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Saturday, March 28, 2020

House Transportation Committee approves bill to increase Arizona gasoline tax

Taxes

By Joshua Smith | Feb 26, 2020

Gas
Wikimedia Commons/Anthony Inswasty

House Bill 2899, a bill created to increase Arizona's gas tax, was unanimously approved by lawmakers, according to KAWC.org. 

The legislation would add six cents on top of the current 18 cents per gallon Arizona residents pay now and would increase by six cents until it hits 36 cents on July 1, 2023. Furthermore, the bill would allow for additional annual increases to match inflation starting on July 1, 2024 to avoid having to propose a new tax increase in the future.

The bill is intended to help provide funding for road repairs and some believe the lack of a tax hike since 1991 is the reason the roads are in the less than favorable condition they're in now. Rep. Bob Thorpe (R-Flagstaff) believes strong leadership is required to pass this bill and previous members lacked the courage to do so.

"We haven't had members with the backbone to adjust this," Thorpe told KAWC.org. 

Tony Bradley, president of the Arizona Truckers Association, believes the bill will prove to be addition by way of subtraction, cutting fuel expenditures by reducing time in traffic thanks to better roads. 

"This bill would save us by paying more," Bradley told KAWC. "And we're willing to pay more."

HB 2899 also imposes new taxes on hybrid and electric vehicles on the basis they utilize the same roads as fuel-driven vehicles, but share less of the tax responsibility. Lobbyist Meghaen Dell'Artino voiced Tesla's opposition of the bill.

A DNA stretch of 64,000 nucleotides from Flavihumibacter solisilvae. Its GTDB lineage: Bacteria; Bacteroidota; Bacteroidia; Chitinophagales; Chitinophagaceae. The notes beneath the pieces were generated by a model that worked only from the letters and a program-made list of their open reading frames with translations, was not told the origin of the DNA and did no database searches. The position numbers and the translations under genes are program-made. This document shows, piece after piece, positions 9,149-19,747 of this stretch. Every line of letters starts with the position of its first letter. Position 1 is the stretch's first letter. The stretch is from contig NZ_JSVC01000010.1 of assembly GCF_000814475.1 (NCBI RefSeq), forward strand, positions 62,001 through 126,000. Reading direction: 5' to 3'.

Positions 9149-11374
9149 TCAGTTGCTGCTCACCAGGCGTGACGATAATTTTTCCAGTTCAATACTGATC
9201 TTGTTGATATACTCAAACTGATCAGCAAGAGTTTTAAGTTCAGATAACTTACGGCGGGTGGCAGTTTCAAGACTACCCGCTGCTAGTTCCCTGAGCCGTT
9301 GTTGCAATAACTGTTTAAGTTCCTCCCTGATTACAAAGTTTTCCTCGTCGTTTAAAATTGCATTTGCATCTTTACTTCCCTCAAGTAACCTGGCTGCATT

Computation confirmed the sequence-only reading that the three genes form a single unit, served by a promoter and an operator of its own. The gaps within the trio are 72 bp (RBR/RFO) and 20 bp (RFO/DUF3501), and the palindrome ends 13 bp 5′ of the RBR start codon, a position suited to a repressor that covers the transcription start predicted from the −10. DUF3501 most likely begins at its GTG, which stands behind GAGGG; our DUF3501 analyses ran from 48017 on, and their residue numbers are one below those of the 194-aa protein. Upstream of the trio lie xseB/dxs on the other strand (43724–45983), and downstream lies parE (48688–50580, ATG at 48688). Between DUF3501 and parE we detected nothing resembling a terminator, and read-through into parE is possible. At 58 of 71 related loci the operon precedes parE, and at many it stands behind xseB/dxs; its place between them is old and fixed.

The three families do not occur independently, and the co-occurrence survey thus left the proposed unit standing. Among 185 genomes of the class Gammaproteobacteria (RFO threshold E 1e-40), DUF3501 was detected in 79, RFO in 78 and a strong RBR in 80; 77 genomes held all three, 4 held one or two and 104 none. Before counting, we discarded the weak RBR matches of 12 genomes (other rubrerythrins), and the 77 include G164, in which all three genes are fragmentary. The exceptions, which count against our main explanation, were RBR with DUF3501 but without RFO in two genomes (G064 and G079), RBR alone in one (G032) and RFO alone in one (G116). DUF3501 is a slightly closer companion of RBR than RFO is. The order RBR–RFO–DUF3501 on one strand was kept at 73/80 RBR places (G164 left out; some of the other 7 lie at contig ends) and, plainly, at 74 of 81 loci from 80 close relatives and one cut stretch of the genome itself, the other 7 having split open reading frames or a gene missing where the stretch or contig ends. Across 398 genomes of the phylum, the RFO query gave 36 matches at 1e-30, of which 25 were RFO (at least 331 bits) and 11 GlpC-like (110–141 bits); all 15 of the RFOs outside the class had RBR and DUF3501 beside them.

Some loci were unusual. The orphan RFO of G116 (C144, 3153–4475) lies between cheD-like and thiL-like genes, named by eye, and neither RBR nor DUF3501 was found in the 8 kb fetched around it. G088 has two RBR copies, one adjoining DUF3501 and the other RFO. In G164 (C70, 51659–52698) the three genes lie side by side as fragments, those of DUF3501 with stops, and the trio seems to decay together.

She claims Tesla is not opposed to its drivers paying higher taxes, but feels the way the law is constructed would lead to their drivers paying more than their fair share, according to KAWC.org.

Rep. Noel Campbell (R-Prescott), who is pushing the bill, did add in a bit of reprieve for those who oppose the bill. The state transportation board would be required to come up with a plan to use the additional revenues and update said plan every five years to show the progress.The report would then be moved to legislative leaders and committees to review. Campbell confirmed if they are dissatisfied with how the money is being spent, they can put a measure on the ballot recommending that voters rescind the additional taxes.

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